Despite the live events industry’s joy at the return of live shows, it certainly seems that there are a few more hoops to jump through than there were before 2020. From tighter budgets to ramifications brought on by Brexit, many are looking for an alternative solution to the usual touring model. Take, for example, the production team behind Fatboy Slim. The DJ’s 360° show [see TPi #236] was resurrected as live tours returned to the UK. After this run, the campaign had two more dates in Ireland.
Production Manager, Jake Vernum picked up the story. “The two shows in Ireland were standalone performances, and to bring over our full in-the-round performance didn’t stack-up financially,” he began.
“We needed a system that we could hit the ground running with, without a production day.” After a rejig of the show design turning it from 360° to 180°, Vernum called upon Just Lite to provide lighting and video with Magic Kite supplying a full L-Acoustics K1 system.
Paul Smith, who runs both companies, spoke to TPi about the benefits of being able to cater to incoming productions. “Since Brexit, it’s become much harder to move equipment from the UK to Ireland,” he said.
“We’ve seen a number of trucking companies from our industry move over to Ireland to ensure a more seamless delivery between the UK and the rest of Europe, but what we provided for Jake and the rest by the Fatboy Slim production was a viable solution to put on these shows.”
He went on to explain that for over 30 years, both companies – Just Lite and Magic Kite – have specialised in one off productions for touring acts. It’s also worth noting that Magic Kite is one of only four companies stocking L-Acoustics K1 between UK and Ireland this enables acts to cover large shows without the expense of trucking. “We keep a similar stock of equipment to many of the companies in the UK with the ability to put on a full stadium show, which I’m keen for more people to be aware of.”
On the question of stock, Smith explained that despite two years of uncertainty, both companies have continued to invest in new technology – mainly due to Smith branching out into the film and broadcast markets.
“We invested a great deal in numerous CHAUVET Professional products due to their versatility,” he explained, noting the IP rating of many of the fixtures, meaning they can be used for multiple applications.
The Color STRIKE M was one such fixture that was utilised of the Fatboy Slim production. “It’s a fixture that could happily light a building or sit on a rig at a dance event,” commented Smith. “The STRIKE M as a strobe was an equivalent to what we had been using on the previous run,” enthused Vernum, with the Fatboy Slim camp using a number of the fixtures during the two shows.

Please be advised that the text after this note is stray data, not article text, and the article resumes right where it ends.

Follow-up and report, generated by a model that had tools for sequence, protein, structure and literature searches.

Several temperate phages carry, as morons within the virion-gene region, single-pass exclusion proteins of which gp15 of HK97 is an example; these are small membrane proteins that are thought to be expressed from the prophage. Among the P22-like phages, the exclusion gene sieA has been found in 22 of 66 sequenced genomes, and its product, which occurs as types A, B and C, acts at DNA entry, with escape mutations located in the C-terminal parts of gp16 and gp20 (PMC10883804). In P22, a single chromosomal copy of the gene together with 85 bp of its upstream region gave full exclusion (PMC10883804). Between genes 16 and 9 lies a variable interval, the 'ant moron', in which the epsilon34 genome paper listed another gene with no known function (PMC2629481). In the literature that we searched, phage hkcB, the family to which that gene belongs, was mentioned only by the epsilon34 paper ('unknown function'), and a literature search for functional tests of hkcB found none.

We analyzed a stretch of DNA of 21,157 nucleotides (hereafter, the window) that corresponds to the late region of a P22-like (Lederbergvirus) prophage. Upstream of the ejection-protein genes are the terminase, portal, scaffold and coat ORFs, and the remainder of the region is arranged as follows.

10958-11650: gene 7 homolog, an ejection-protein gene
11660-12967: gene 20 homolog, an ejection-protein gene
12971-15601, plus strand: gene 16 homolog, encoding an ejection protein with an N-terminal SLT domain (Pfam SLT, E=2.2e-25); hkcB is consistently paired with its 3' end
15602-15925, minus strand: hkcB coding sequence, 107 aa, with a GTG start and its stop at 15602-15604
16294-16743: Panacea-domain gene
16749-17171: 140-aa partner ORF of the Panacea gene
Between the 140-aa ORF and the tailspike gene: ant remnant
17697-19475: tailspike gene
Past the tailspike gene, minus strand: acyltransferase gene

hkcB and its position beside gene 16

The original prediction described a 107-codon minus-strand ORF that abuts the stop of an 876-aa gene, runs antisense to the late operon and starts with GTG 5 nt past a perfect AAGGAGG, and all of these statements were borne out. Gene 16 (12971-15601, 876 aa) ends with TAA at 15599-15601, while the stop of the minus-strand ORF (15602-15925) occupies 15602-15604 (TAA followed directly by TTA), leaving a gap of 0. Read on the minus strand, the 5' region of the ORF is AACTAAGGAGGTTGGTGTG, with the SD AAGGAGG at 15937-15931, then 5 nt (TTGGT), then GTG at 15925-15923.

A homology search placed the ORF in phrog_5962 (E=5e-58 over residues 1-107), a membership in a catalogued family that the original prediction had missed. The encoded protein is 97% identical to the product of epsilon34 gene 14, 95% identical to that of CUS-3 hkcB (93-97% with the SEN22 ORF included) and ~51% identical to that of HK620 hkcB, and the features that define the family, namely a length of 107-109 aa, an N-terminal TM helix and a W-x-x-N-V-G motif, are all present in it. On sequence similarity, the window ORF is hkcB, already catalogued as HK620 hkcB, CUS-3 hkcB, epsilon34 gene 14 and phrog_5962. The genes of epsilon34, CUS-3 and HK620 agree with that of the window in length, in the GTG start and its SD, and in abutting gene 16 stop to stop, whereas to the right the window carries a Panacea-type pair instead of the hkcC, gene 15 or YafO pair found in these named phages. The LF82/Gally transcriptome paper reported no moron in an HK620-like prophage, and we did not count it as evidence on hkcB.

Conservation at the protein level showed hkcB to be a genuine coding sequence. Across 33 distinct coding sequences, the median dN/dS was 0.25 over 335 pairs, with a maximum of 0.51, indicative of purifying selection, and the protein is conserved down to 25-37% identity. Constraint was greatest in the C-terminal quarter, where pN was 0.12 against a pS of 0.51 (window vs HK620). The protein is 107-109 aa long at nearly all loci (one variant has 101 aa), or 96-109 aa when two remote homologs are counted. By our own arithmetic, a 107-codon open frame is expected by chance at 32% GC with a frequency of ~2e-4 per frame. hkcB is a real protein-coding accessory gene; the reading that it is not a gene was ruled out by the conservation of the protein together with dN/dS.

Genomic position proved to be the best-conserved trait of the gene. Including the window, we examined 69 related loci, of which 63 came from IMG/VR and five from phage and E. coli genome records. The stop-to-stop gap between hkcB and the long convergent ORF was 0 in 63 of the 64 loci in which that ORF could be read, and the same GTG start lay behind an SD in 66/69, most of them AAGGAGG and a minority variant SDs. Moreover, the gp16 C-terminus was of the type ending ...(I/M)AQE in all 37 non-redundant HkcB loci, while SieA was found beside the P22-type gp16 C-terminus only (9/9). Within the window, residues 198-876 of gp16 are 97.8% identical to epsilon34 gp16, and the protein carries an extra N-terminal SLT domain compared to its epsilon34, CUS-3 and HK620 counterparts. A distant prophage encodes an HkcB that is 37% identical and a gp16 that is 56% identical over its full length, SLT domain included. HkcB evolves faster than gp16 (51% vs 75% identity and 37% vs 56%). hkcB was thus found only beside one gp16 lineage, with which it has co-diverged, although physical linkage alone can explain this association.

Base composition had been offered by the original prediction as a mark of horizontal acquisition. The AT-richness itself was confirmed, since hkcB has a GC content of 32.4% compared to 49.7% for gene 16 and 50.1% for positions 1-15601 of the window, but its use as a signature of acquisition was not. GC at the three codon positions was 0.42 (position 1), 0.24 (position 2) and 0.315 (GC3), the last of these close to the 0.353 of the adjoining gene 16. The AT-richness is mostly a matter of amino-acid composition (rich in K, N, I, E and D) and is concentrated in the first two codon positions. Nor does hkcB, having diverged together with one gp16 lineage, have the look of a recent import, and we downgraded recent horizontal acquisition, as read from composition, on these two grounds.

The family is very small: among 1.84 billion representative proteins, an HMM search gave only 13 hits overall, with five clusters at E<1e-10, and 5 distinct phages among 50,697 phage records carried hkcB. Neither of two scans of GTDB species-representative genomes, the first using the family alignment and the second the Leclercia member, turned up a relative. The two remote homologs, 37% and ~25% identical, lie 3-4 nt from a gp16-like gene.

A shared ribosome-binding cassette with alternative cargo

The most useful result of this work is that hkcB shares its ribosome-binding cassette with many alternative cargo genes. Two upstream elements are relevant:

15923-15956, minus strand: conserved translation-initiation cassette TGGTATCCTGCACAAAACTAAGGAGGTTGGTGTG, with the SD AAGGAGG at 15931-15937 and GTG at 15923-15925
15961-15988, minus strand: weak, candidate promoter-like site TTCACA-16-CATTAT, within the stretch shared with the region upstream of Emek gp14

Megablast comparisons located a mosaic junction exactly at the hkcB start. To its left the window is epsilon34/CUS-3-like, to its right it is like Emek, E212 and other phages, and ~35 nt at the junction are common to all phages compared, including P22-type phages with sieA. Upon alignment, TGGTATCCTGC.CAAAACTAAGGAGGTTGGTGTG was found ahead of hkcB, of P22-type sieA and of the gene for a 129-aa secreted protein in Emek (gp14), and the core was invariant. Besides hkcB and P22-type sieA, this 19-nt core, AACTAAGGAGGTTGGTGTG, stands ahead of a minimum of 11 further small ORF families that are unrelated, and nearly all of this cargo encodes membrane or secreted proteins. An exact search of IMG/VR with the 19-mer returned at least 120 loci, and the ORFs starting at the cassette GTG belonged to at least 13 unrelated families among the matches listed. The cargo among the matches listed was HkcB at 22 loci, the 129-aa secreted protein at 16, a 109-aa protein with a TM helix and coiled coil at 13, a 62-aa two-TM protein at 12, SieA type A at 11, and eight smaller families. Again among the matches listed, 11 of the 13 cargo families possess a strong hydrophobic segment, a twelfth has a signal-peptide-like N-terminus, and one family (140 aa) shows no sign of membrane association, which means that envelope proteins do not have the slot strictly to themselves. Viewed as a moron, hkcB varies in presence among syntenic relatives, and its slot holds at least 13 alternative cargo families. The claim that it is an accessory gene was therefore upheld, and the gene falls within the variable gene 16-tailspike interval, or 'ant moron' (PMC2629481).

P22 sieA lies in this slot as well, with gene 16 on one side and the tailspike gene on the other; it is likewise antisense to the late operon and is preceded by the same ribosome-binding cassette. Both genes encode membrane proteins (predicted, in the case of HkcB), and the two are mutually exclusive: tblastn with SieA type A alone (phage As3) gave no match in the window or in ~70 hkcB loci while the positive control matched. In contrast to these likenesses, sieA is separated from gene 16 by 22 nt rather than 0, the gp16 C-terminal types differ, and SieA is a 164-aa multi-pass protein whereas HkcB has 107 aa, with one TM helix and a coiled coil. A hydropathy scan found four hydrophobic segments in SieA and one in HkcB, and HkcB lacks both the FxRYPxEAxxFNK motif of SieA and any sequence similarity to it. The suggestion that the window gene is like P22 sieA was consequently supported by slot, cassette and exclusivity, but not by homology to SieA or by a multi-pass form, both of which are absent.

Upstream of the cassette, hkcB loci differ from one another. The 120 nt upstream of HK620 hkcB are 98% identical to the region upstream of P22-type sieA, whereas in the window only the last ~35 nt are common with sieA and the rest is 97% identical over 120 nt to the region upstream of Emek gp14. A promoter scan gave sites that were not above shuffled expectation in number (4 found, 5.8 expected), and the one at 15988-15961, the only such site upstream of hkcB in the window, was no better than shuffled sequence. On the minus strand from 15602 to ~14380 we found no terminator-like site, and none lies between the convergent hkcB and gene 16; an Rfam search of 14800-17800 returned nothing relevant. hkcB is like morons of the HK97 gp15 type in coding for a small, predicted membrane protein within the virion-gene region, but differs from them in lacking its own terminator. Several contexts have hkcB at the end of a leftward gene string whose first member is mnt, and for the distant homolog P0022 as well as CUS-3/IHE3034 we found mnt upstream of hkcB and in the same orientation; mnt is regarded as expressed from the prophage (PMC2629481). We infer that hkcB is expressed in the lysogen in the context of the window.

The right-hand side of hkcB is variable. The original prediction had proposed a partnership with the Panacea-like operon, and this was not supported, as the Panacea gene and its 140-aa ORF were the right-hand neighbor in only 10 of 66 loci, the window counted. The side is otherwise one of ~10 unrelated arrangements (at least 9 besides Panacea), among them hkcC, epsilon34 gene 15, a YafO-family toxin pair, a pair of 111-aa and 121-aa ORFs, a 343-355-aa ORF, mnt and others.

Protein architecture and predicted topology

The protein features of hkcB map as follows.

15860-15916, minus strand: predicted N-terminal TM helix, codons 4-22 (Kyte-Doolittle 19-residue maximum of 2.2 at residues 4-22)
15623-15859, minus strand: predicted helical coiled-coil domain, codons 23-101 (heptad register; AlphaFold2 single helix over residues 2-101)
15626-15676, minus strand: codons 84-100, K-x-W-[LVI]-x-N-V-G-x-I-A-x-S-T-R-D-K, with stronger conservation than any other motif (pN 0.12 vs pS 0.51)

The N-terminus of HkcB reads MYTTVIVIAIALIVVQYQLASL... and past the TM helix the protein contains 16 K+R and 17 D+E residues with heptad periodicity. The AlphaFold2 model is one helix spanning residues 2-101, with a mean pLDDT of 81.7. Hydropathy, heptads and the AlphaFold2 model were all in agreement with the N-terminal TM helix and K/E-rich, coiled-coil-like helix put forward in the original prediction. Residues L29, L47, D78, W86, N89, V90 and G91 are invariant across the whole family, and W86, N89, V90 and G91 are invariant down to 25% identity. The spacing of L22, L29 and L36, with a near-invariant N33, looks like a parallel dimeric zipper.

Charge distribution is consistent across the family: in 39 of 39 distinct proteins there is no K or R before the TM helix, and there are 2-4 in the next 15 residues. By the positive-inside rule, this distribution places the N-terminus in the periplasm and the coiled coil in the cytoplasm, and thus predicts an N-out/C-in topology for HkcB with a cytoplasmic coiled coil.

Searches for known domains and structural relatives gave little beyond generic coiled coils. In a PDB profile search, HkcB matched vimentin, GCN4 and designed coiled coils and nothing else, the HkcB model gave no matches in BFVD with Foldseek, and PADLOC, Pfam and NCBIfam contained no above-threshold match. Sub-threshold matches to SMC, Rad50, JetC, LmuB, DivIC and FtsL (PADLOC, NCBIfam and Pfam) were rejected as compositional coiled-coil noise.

“It was important that we tried to replicate our UK system as much as possible with the equipment available in Ireland.”
Although the rig was not a like-for-like replication of the previous UK run, long-serving LD to the DJ, Stephen Abbiss explained how this different model of rolling into a tour was no different from a festival set.
“You program to the best of your ability and recreate the effects that are viable at the time,” he said. “As a production, we’re known for rocking up to shows with four people and five Peli cases. If we advance well enough and we know what we’re getting on the other end, we can always make it work.”
The FBS Team still brought some production elements over to Ireland from the UK. Longstanding, Video Director Bob Jaroc specified a Video Control Package from 4Wall Entertainment whilst Abbis Specified an SFX and Laser package from ER Productions. A staging system was also selected by Vernum from all access staging and productions. This all came over on one truck supplied by KB Event. “What we took over from the UK perfectly complimented the solution that Just Lite provided and made these shows completely viable,” stated Vernum.
Vernum believes more bands will take advantage of this model when travelling to other regions. “If company’s like Just Lite keep investing in kit, there is no reason why more people wouldn’t explore this option,” he confirmed.
Smith closed by sharing his excitement for the future as well as the news that he had recently invested in the brand new CHAUVET Professional COLORado PXL Bar, which were already in demand from his clients. Abbiss even expressed that he would have loved to get his hands on one and measure it up against the likes of GLP impression X4 bars.
With tighter budgets and a greater emphasis on sustainability within the touring community, perhaps we’re likely to be seeing more of these types of regional solutions in the future.
This article originally appeared in issue #269 of TPi, which you can read here.